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In the late s, Lake Urmia, in north-western Iran , was twice as large as Luxembourg and the largest salt-water lake in the Middle East. Since then it has shrunk substantially, and was sliced in half in , with consequences uncertain to this day, by a km causeway designed to shorten the travel time between the cities of Urmia and Tabriz.
Historically, the lake attracted migratory birds including flamingos, pelicans, ducks and egrets. Effects on humans are perhaps even more complicated. The tourism sector has clearly lost out. While the lake once attracted visitors from near and far, some believing in its therapeutic properties, Urmia has turned into a vast salt-white barren land with beached boats serving as a striking image of what the future may hold. Desiccation will increase the frequency of salt storms that sweep across the exposed lakebed, diminishing the productivity of surrounding agricultural lands and encouraging farmers to move away.
Poor air, land, and water quality all have serious health effects including respiratory and eye diseases. The people of the north west — mainly Azeris and Kurds — are raising their voices. The region is also home to many Kurds, who are demanding a bigger say in the management of the lake to improve the livelihood of Kurdish communities.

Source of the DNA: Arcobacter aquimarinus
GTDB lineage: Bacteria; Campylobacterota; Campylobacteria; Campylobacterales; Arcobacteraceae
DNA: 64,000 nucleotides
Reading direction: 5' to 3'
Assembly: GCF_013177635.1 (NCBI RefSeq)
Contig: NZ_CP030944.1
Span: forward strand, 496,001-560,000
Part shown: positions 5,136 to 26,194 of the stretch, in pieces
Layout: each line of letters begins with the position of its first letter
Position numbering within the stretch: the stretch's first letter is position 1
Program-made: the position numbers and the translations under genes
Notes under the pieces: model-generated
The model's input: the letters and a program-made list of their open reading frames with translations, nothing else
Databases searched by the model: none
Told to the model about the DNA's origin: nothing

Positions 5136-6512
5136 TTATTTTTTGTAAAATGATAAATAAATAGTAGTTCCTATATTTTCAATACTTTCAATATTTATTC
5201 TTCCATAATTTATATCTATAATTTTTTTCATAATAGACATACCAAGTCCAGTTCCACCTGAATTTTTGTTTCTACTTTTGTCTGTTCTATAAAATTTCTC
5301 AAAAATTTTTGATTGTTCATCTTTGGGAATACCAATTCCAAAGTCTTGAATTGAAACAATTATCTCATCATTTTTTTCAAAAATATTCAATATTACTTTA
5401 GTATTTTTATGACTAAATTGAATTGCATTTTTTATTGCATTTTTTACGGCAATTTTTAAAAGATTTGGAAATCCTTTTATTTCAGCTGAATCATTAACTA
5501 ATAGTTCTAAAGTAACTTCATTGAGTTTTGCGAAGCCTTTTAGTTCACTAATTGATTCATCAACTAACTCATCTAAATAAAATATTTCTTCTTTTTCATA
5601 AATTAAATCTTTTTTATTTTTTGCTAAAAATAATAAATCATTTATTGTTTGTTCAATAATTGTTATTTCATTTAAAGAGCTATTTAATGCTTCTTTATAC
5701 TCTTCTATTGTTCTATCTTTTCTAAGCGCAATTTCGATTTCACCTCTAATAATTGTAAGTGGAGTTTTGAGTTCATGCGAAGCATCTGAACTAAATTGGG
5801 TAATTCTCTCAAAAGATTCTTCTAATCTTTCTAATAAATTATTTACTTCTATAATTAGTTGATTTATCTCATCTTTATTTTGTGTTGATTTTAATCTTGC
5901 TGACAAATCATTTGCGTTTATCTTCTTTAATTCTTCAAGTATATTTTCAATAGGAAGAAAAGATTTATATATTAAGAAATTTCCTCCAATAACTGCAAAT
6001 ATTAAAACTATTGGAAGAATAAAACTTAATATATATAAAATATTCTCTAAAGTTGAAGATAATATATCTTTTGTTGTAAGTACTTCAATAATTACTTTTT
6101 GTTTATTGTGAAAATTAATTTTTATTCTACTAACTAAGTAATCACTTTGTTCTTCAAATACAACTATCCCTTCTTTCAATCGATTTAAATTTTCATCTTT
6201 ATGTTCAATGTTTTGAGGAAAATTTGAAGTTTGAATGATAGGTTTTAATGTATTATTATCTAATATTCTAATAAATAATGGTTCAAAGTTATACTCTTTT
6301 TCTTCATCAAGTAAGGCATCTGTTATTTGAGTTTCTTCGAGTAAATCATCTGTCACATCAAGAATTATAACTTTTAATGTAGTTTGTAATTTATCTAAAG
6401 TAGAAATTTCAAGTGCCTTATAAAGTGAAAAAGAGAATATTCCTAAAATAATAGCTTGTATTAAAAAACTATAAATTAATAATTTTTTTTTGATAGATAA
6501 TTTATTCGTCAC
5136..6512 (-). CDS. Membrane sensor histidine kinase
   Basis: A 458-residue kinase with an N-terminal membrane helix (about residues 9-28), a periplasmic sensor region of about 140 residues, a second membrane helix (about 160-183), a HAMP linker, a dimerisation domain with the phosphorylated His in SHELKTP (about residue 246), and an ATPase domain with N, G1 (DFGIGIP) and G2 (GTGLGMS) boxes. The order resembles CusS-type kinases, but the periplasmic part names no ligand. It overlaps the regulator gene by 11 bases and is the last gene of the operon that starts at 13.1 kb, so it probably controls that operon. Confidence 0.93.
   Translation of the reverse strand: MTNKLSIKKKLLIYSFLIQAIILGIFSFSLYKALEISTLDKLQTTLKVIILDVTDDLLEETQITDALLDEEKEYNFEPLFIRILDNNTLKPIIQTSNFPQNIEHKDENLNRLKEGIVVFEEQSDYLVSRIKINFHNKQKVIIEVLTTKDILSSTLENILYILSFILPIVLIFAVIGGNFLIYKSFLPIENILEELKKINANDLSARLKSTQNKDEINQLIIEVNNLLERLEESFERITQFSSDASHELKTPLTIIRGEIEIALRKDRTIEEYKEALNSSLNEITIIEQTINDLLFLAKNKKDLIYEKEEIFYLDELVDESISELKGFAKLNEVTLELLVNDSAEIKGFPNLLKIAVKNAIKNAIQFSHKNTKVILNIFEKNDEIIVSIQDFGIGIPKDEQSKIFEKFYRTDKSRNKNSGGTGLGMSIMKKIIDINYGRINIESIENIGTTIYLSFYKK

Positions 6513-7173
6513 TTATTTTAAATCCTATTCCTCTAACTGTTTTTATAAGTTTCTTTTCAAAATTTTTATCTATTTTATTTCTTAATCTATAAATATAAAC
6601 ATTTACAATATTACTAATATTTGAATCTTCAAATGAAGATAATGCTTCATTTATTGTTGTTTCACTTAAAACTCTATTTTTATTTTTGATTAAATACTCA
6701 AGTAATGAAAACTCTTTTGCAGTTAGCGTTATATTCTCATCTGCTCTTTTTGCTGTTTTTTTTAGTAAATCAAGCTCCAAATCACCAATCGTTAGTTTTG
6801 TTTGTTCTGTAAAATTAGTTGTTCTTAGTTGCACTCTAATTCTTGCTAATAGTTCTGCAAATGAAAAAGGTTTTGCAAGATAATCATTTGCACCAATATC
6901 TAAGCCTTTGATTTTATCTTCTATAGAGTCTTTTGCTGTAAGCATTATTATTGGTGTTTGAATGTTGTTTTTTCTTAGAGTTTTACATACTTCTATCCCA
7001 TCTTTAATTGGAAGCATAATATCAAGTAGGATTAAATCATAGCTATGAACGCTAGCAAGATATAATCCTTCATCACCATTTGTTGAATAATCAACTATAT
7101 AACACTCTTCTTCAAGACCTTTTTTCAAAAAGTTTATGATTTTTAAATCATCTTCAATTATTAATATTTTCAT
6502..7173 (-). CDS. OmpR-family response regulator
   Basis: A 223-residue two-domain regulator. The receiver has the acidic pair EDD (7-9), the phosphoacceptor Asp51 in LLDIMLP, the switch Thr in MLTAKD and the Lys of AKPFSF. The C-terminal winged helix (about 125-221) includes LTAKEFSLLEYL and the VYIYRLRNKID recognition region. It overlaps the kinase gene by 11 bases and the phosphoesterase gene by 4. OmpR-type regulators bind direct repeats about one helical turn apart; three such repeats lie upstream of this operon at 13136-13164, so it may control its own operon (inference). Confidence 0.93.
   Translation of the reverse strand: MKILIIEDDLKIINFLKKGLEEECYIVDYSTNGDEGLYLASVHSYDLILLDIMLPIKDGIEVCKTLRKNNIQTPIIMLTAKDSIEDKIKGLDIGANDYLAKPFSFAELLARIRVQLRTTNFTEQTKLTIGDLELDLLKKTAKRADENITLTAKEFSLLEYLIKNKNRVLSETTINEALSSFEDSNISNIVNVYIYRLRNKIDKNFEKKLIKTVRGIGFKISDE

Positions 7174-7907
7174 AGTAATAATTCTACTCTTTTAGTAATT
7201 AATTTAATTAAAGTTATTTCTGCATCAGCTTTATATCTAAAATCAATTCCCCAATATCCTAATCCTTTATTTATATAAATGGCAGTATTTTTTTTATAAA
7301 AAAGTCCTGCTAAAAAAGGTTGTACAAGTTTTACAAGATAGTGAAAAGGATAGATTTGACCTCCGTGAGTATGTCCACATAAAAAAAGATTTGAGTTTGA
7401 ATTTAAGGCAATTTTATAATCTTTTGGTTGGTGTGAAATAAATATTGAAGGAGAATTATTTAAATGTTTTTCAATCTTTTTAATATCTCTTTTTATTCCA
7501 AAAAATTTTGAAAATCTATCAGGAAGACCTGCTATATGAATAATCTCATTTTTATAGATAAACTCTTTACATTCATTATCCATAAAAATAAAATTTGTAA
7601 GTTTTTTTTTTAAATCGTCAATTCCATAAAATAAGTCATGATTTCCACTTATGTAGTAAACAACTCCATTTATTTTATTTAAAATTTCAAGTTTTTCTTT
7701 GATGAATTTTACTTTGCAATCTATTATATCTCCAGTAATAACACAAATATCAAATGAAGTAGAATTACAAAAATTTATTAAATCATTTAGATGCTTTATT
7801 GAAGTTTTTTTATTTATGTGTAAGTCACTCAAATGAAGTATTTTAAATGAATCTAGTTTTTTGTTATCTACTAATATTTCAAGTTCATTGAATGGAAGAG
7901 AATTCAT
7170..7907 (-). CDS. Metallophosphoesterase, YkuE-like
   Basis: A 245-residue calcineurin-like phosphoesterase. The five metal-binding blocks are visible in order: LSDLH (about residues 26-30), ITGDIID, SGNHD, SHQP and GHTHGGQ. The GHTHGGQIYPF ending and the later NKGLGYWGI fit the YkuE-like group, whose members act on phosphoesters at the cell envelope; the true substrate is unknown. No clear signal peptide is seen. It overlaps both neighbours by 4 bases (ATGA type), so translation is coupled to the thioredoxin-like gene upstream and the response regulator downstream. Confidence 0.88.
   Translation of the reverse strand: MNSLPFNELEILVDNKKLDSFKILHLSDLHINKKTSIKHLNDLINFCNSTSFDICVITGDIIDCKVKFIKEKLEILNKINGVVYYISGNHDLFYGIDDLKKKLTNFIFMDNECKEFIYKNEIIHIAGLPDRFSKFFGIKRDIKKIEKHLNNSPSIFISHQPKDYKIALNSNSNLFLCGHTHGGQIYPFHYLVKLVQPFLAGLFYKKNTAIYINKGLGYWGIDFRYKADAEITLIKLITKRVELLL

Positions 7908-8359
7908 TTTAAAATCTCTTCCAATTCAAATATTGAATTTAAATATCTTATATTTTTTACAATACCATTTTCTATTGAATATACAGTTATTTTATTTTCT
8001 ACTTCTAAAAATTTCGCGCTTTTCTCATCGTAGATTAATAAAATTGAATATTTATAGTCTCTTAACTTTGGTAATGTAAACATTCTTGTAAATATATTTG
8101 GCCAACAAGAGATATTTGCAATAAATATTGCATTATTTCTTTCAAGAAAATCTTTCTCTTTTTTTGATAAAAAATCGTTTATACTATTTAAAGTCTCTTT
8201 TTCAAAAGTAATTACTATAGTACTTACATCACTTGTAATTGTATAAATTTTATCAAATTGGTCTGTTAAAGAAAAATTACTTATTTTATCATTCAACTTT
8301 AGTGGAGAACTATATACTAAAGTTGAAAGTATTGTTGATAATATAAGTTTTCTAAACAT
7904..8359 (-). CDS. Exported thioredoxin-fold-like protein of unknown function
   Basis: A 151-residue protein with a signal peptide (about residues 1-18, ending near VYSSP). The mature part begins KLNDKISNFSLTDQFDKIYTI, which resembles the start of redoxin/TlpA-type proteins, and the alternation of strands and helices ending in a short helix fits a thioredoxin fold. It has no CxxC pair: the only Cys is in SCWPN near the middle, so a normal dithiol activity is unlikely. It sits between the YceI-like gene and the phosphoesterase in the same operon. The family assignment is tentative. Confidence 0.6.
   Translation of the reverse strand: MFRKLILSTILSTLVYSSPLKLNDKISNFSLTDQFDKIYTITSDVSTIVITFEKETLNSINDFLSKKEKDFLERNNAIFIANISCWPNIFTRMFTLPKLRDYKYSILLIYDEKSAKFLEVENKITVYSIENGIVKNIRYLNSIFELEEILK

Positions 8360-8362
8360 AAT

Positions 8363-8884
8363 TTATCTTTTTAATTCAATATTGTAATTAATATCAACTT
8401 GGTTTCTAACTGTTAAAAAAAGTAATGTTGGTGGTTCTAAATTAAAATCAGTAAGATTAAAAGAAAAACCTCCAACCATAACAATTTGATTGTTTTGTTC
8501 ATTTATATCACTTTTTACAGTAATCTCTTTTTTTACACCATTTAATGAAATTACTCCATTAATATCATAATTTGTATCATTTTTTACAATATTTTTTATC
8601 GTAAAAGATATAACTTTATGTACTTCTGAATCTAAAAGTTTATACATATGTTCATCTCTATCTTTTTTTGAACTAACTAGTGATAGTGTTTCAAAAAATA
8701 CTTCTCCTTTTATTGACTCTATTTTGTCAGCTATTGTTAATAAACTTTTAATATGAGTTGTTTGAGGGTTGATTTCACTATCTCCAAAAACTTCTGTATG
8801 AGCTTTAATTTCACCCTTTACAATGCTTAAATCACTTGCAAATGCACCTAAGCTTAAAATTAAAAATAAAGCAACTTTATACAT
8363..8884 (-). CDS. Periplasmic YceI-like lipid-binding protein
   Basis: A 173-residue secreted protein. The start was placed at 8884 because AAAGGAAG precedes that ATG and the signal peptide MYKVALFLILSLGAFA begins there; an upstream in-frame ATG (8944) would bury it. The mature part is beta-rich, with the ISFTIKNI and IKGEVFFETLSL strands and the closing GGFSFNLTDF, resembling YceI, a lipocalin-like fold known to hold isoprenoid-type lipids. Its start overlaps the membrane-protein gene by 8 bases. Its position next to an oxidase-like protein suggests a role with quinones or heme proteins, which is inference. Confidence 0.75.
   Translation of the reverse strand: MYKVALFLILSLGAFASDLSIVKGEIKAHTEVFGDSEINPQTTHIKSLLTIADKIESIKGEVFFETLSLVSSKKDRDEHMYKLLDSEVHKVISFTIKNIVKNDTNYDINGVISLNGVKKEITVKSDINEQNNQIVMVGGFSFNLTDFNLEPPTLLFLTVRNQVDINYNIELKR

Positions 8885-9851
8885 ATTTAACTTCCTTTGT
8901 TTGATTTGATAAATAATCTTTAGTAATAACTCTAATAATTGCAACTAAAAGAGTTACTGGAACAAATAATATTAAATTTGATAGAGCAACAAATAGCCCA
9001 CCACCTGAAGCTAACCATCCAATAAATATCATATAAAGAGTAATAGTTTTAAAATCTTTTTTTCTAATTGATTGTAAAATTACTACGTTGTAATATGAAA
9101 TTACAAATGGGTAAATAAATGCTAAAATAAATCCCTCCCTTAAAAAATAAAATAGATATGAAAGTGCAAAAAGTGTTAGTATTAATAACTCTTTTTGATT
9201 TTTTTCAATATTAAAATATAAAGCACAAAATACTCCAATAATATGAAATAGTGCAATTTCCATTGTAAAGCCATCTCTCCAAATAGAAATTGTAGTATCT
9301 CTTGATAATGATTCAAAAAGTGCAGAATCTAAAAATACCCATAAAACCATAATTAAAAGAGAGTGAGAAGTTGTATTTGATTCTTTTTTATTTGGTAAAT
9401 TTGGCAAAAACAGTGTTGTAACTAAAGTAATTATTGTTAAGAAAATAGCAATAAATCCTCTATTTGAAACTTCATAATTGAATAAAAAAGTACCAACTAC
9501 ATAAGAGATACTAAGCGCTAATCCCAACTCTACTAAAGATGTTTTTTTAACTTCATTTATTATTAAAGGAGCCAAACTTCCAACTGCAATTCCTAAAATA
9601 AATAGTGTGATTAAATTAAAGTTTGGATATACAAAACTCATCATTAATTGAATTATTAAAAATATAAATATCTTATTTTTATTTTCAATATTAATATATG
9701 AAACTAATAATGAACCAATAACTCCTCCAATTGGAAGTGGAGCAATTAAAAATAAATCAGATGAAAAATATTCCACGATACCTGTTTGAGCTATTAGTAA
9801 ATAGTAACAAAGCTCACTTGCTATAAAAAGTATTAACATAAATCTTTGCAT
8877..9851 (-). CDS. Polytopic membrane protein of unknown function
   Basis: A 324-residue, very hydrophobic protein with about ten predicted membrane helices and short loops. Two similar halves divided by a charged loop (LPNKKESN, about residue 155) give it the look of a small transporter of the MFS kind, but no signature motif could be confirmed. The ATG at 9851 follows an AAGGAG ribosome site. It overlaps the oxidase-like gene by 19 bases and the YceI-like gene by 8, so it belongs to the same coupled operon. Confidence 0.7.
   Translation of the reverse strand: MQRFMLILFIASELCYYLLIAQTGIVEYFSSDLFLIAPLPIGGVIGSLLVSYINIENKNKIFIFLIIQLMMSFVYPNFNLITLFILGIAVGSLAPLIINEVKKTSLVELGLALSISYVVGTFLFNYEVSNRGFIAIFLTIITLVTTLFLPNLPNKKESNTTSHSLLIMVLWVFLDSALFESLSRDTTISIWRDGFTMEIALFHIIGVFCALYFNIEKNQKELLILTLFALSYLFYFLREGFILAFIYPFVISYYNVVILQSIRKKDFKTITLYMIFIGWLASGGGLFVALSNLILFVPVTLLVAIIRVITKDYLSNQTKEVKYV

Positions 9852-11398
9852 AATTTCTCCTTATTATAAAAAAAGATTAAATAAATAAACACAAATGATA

Solutions, however, require agreement on the main causes of the problem, and this motivated a group of concerned Iranian researchers in the United States, Canada, and United Kingdom to carry out an independent, first-hand assessment beginning in The research undermines any notion of a crisis caused primarily by climate changes. It shows that the pattern of droughts in the region has not changed significantly, and that Lake Urmia survived more severe droughts in the past.
If Lake Urmia is to be revived, the authorities must look urgently at the construction of dams and irrigation projects designed to boost agri-business and meet growing regional water demand.